It can be understood from the statements provided in the personal reaction inventory that self-monitoring is either conducted to seek approval and attention from others or prevent rejection from others. An individual who is essentially different from the inside but portrays a different exterior or behavior across various situations is a high self-monitor. On the contrary, an individual who is the same in terms of their inner self and outer behavior and remains consistent across various situations is a low self-monitor. The behavior of high self-monitors is guided by and adjusted deliberately accordingly to environmental cues, whereas the behavior of low self-monitors is guided by their inner personality and thereby remains fairly consistent and same. The value judgments ascribed to high and low self-monitors can be positive as well as negative such that high self-monitors can be described as adaptable and able to fit in wherever they visit as well as two-faced or as having a dual personality. Low self-monitors can be described as being honest and consistent as well as inflexible and adamant.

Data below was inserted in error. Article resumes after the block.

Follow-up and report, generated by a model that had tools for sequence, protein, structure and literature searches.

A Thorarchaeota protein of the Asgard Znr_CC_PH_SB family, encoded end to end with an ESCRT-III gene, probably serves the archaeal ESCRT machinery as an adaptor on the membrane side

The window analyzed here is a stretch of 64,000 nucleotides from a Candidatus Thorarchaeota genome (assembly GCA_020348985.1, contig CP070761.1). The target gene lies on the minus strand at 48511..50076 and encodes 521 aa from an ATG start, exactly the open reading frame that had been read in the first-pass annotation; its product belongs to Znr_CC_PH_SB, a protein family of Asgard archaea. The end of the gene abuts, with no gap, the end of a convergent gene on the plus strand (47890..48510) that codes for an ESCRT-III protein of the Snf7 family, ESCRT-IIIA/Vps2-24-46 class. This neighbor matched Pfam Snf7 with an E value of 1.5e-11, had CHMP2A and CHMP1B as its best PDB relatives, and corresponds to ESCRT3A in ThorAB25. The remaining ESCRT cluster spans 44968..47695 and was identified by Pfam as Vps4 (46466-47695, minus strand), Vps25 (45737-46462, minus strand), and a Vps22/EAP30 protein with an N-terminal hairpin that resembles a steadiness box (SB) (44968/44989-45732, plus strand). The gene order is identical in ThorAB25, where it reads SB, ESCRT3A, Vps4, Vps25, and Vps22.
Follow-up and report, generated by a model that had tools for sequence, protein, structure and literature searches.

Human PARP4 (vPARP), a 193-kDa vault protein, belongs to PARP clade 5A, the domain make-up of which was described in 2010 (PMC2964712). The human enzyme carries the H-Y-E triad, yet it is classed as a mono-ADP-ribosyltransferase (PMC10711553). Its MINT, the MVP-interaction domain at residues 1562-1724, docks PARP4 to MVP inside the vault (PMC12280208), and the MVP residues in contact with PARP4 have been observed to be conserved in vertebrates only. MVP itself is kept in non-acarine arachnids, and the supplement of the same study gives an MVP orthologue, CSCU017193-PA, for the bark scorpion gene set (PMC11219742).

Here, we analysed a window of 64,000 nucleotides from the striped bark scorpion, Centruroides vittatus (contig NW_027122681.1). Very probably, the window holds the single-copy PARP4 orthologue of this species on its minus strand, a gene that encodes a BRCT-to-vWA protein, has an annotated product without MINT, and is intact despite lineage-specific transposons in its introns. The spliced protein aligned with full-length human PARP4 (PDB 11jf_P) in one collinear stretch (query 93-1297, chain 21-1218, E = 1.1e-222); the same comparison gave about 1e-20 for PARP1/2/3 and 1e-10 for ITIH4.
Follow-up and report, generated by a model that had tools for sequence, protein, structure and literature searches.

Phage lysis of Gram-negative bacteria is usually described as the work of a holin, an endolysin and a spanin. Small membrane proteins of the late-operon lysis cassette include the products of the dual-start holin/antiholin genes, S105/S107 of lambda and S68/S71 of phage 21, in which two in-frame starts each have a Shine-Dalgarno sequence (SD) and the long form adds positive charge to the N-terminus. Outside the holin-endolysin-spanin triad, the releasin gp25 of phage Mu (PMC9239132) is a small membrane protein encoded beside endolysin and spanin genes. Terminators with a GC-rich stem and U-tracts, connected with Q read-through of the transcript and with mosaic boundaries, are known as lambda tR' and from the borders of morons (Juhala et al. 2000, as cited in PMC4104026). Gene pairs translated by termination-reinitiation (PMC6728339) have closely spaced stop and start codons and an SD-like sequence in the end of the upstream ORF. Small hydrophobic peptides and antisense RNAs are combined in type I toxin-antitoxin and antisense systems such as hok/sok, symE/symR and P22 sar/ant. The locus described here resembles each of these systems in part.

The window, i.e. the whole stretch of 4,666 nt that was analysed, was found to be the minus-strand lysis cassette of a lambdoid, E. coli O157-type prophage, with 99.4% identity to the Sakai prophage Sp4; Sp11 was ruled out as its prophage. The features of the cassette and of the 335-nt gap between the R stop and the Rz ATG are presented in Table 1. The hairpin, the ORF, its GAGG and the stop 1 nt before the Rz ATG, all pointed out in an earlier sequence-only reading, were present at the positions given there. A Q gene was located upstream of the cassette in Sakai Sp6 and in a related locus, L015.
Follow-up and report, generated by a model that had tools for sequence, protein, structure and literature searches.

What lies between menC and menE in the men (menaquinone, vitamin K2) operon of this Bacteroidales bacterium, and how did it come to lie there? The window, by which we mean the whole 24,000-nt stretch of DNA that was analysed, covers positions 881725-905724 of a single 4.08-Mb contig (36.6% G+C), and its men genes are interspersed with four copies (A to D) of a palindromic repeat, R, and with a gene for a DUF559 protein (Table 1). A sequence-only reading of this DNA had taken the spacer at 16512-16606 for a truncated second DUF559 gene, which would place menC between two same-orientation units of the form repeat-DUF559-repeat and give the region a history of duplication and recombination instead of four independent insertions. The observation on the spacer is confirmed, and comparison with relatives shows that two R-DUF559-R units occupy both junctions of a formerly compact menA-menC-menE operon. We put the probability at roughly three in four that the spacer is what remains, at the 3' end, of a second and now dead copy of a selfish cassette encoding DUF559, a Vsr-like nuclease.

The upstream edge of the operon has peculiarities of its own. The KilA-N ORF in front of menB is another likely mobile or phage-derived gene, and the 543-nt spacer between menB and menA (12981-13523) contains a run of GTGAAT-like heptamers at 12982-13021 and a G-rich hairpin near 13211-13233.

Self-monitoring is a concept and a personality trait proposed by Psychologist MS. It reflects upon one's ability to regulate their behaviors and emotions and monitor their presentations of self in correspondence with social cues. For instance, an individual may remain calm and composed when they are a part of a religious congregation, whereas, in a nightclub, they tend to scream and dance to loud music. When they are all alone at home, they could be a different person entirely. A standard scale used to assess the attribute of self-monitoring in an individual is the personal reaction inventory. A personality inventory is a tool that is based on the measure of self-report, and it helps an individual to learn more about their personality. This inventory comprises one's personal responses to a wide variety of situations in the form of 18 statements. The test-taker stains the letter "T" when the statement holds true or almost true for themselves, and the letter "F" is marked when the statement seems to be false or typically not true for themselves. The answers are scored according to the answer key, and a total score of 11 or above signifies a high self-monitor mark, whereas a score of 10 or below indicates a low self-monitor.